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Evaluating the iPad for Education

A private liberal arts college in Oregon took Apple's iPad through its paces to test its value as a a tool for learning inside the classroom and out. The evaluation followed a pilot of Amazon's first-generation Kindle, which the college eventually decided against. In the words of the college's CIO, the Kindle just wasn't an adequate "alternative to paper." Did the iPad fare any better in the college's rigorous and methodical testing process?

As one of the first small liberal arts schools to begin adopting technology as early as the 1960s, Reed College of Portland, OR knows a thing or two about the due diligence process behind such purchases. No matter how insignificant the investment may seem, Martin Ringle, CTO, said the college puts the prospective tool through rigorous research and testing phases before shelling out any money or introducing it to students, teachers and/or administrators.

"The prevailing attitude here has always been to look very carefully at emerging technologies, and not implement them until we're comfortable that they will benefit students and enhance the curriculum," said Ringle. "We don't adopt technology because everyone else is doing it."

That philosophy has helped position the 1,450-student college as "one of the first tier of technology evaluators in higher education," according to Ringle. "If we adopt it, everyone knows that the equipment or software has been through a rigorous level of scrutiny. If the technology makes it past us, it will generally be welcomed by and applicable for many other schools."

Not all technology passes muster at Reed College. Take Amazon's first generation Kindle e-reader, for example. In the fall of 2008, Ringle and his team met with a group of colleges and universities to discuss the possibility of evaluating a new e-reader (later identified as the Kindle DX) in a higher education setting. Reed College was selected by Amazon as one of seven institutions to participate in a pilot study.

The study took place during the fall semester of 2009 and involved 43 students enrolled in three upper-level undergraduate courses: English, French and Political Science. The college's review criteria centered on immediate, searchable access to all course materials in one lightweight device; a reduction in the total cost of course materials; a decrease in the use of paper; opportunities for faculty and students to share electronic comments on course materials; and the integration of e-book technology with other curricular tools, such as Moodle.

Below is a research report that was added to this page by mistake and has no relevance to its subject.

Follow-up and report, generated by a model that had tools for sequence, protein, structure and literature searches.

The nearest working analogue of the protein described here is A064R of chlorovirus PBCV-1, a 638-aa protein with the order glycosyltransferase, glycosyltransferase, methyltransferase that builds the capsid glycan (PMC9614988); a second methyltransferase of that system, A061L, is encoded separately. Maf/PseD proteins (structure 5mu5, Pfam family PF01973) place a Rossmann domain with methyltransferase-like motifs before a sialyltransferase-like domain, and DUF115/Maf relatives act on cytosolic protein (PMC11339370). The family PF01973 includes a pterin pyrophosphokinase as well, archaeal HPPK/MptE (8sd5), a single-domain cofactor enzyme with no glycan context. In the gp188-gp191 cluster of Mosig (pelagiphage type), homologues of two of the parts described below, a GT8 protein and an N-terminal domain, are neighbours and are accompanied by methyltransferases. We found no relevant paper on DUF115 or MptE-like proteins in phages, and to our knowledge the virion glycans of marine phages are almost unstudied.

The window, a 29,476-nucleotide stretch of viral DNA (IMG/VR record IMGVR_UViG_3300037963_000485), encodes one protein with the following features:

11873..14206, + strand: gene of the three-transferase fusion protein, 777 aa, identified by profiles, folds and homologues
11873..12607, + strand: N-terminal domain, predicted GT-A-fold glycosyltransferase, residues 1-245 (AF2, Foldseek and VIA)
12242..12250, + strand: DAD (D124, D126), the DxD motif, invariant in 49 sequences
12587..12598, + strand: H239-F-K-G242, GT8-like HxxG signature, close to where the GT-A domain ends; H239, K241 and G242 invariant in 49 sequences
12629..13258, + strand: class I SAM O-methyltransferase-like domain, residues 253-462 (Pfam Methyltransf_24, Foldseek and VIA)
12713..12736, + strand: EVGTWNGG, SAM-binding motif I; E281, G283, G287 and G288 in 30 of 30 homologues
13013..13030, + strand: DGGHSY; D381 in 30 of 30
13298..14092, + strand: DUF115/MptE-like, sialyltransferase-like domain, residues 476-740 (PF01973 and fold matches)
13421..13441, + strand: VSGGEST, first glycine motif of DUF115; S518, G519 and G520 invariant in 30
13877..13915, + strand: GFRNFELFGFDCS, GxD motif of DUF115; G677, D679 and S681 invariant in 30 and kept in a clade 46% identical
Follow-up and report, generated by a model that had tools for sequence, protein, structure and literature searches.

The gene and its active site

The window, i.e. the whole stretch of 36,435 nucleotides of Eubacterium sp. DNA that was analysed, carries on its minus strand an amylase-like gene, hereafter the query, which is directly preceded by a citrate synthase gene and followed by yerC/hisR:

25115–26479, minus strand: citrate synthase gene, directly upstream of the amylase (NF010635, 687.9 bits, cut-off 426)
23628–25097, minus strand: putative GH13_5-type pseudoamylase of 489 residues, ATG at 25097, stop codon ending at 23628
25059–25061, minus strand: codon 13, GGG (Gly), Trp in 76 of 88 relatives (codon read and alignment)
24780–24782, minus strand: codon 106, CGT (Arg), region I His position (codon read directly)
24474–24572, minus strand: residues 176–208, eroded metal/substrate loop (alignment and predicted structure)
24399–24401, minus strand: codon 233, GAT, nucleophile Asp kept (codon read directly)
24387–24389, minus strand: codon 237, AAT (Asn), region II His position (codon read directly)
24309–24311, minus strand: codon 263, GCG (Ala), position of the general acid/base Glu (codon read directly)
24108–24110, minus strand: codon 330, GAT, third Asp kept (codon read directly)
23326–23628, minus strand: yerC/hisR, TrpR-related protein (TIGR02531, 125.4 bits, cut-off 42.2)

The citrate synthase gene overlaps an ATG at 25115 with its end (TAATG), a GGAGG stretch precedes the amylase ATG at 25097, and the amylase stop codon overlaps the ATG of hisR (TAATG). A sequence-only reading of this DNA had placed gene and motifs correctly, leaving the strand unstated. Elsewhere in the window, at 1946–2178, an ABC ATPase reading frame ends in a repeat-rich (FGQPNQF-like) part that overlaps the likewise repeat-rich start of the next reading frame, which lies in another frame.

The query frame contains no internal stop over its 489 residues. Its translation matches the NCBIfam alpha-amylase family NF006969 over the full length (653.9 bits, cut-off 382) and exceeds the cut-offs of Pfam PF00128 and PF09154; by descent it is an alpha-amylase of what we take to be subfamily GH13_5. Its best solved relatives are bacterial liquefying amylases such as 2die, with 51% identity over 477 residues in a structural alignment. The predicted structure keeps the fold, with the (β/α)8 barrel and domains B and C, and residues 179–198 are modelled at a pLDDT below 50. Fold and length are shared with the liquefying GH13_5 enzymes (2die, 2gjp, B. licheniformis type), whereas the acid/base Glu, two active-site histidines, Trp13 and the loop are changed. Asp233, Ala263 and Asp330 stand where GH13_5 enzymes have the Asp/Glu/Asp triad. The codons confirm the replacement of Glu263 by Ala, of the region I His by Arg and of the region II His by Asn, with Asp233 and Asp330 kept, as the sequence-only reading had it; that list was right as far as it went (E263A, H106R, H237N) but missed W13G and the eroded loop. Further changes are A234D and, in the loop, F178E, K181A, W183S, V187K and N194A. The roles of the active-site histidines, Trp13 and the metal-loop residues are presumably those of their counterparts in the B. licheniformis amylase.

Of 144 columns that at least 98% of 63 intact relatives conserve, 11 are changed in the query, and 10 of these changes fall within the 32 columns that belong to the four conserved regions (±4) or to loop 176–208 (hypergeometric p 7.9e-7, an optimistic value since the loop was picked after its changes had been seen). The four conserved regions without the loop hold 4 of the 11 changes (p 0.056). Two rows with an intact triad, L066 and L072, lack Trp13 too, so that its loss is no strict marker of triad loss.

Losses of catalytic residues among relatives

The process produced mixed reviews, with the overall consensus being that the device didn't measure up for students or faculty. "The Kindle did have some strengths," said Ringle, "but it didn't meet the needs of higher education in terms of being an alternative to paper."

Not willing to give up on the idea of a "paperless" classroom, Ringle said the next device to catch his eye was the iPad. As a member of Apple's University Executive Forum, Ringle jumped at the chance to conduct due diligence on this new device, much like he did with the Kindle. Using the same courses, faculty members and students, the college evaluated the iPad, comparing it to what Ringle refers to as the "single-purpose e-reader."

"The reaction was pretty much night and day, when compared to the results of the 2009 study," said Ringle, whose team is currently drafting a white paper detailing the results of the iPad evaluation. In general, he said students found the iPad to be flexible and versatile enough to allow them to read course materials, annotate and highlight passages of text, pull up reference materials, store notes, and prepare reports.

During the evaluation, Ringle said faculty also kept an eye on the level of distraction created by a tablet computer versus a laptop or desktop. The consensus was that pupils were less apt to be using e-mail, instant messaging, or social networking sites while sitting in class with a tablet computer. "Tablets don't have the same form factor, so you can't hide behind them," said Ringle. "Our hope is that students will use them primarily, if not exclusively, for classroom work."

For some colleges, the results of the institution's tablet computer test would be enough to send the IT department into a buying frenzy, but not at Reed College. Ringle said the next step will be to assemble all faculty members and students who were involved in the evaluation to participate in roundtable discussions.

Faculty will write up short reports that detail their experiences with this piece of technology. Those missives will then be collected and shared with the college's computing policy committee.

"The discussion will focus on the question of whether or not tablets have a place in the curriculum," said Ringle. Pending the outcome of that discussion, he said the school will or won't allocate funding for the next funding year "to make it possible for other faculty members and students to gain access to the technology and use it across a wider variety of courses."

As Reed College's tablet evaluation continues, the institution is already looking ahead at what new technology might be able to withstand its comprehensive selection process.

Ringle said cloud computing options are likely to be next on the agenda, with an emphasis on how these Web-based software options best blend with an institution's homegrown, proprietary infrastructure. "Some schools are rushing off into the cloud willy-nilly right now," said Ringle, "but we're taking the same, methodic approach that's served us well since the 1960s."

About the Author

Bridget McCrea is a business and technology writer in Clearwater, FL. She can be reached at [email protected].

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